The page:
Digital Camera World has partnered with Magnum Learn to publish a taster of its first online course, 'The Art of Street Photography'.
• Get more photoshoot ideas
'The Art of Street Photography' consists of 10 themed lessons and costs $99.
This week, in the last of five extracts that have offered a brief overview of the course, you'll learn how to take photographs of people – it's one of the cornerstones of successful street photography.
Miss last week's extract?
Traditionally, street photography involves little to no interference. It is, as Kalvar says, grounded in real people doing real things, with the photographer taking ‘extracts’ from reality.
This approach relies on working with the everyday, as it unfolds. The key to this approach is working quietly and unobtrusively to capture a scene undisturbed.
There are many instances when photographers, though working within the candid tradition, may affect the scene in minor ways.
This does not necessarily involve formally asking permission or posing people; it could include any number of small interactions that will affect the relationship between photographer and subject, such as vocalising the scene, interacting with a subject to change their expression, making eye contact and smiling, or manoeuvring the subject into a better position.
Many photographers use the street as a starting point, a space to find, engage and photograph the people they meet.
Street portraiture relies on chance encounters but also on collaboration between the photographer and the subject (see ‘Candid photography’, above).
Robert Capa’s famous quote – “If your pictures aren’t good enough, you’re not close enough” – is often given as advice for street photographers. This message can be interpreted in a variety of ways, from physically moving closer to the subject, to having a closer emotional connection to the subject matter you are photographing.
A common trend amongst those just starting out in street photography is a visible distance between the photographer and their subject, often in both physical and connective terms, because they may be uncomfortable or have yet to identify what they are looking for.
As Richard Kalvar says, you have to “dare” to move in, to fill your frame and make a connection with the subject you are photographing.
Your relationship to the subject may change depending on how much of a connection is made.
Gathering consent to photograph (and, more importantly, to publish the work) may be necessary, depending on the location you find yourself in.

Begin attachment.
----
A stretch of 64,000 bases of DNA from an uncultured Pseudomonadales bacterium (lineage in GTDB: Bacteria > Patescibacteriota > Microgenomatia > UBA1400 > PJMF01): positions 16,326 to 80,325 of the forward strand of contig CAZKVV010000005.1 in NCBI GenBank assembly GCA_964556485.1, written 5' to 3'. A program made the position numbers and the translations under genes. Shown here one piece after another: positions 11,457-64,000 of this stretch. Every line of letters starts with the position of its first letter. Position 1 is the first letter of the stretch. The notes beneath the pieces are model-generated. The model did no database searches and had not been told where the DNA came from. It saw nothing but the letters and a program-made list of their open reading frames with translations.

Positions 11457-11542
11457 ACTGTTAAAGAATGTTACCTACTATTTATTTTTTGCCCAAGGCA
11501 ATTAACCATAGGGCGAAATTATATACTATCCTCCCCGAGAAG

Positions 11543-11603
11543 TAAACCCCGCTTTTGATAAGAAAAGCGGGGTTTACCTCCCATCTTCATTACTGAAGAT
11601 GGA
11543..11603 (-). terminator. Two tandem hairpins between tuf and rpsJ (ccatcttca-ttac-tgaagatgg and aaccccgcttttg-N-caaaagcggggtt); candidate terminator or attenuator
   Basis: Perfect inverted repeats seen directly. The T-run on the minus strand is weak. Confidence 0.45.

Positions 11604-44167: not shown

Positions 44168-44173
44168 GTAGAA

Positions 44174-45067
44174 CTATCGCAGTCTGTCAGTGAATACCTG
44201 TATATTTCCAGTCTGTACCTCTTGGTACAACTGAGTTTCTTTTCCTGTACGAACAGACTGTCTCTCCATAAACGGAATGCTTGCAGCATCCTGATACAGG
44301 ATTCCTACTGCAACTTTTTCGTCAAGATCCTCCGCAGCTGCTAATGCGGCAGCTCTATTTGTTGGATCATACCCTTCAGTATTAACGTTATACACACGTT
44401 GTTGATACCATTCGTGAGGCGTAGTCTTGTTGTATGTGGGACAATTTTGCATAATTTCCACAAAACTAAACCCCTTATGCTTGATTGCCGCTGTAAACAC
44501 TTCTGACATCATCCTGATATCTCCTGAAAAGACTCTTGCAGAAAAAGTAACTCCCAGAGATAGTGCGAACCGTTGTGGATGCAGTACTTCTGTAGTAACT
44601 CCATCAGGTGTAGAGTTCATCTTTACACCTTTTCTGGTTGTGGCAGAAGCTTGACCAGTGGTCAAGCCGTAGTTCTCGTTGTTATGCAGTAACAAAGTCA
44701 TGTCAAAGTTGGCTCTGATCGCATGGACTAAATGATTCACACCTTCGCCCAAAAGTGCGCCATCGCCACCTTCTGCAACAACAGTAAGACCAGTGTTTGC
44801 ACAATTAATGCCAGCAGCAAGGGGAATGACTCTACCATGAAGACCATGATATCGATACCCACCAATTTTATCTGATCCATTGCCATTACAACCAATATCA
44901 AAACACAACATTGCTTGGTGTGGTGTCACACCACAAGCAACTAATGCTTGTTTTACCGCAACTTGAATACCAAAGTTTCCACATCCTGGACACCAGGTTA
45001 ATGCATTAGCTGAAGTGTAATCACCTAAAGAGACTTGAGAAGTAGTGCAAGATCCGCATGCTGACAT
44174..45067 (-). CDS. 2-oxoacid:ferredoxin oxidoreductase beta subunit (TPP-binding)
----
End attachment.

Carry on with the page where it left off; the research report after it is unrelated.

Whatever the context, you must be well informed about the regulations surrounding photographing people in the location you have chosen.
Eight tips for approaching strangers
This can be daunting and won’t feel natural to everyone. So here are some tips to help you on your way:
- Be friendly and polite. A smile can go a long way in putting somebody at ease
- Be open and honest about what it is you are doing
- Bring a book of your previous work to show potential subjects
- Stay for as long as you can. Be persistent
- Work with a friend. Sometimes a single photographer may make people uneasy, so consider bringing a friend or colleague to assist
- As a courtesy, it can be good to offer them a copy of the picture. Take their name and email
- Keep trying, as it takes a bit of momentum. Don’t let rejection get you down!
- If you need to obtain consent, make sure you have the right documentation with you, such as a model release form
Like what you've seen? Now take the course…
If you like what you've seen from ‘The Art of Street Photography’ so far, then click here to find out more about the course.
About Magnum Learn
‘The Art of Street Photography’ is the first course to be offered on Magnum Learn, the new online learning platform from the world’s most prestigious photo agency.
The course consists of 10 themed lessons comprising in-depth video and tutoring from Magnum pros, offering key advice and guidance to help improve your photography in the street… and beyond.
Seven world-class photographers teach the course. These include Bruce Gilden, Martin Parr, Susan Meiselas, Richard Kalvar, Carolyn Drake, Peter van Agtmael and Mark Power, plus industry leaders.
These pros have contributed their unique insights, knowledge and experience to the lessons, and guide the pupil through the process of honing their photography skills via intimate interviews and on-location demonstrations.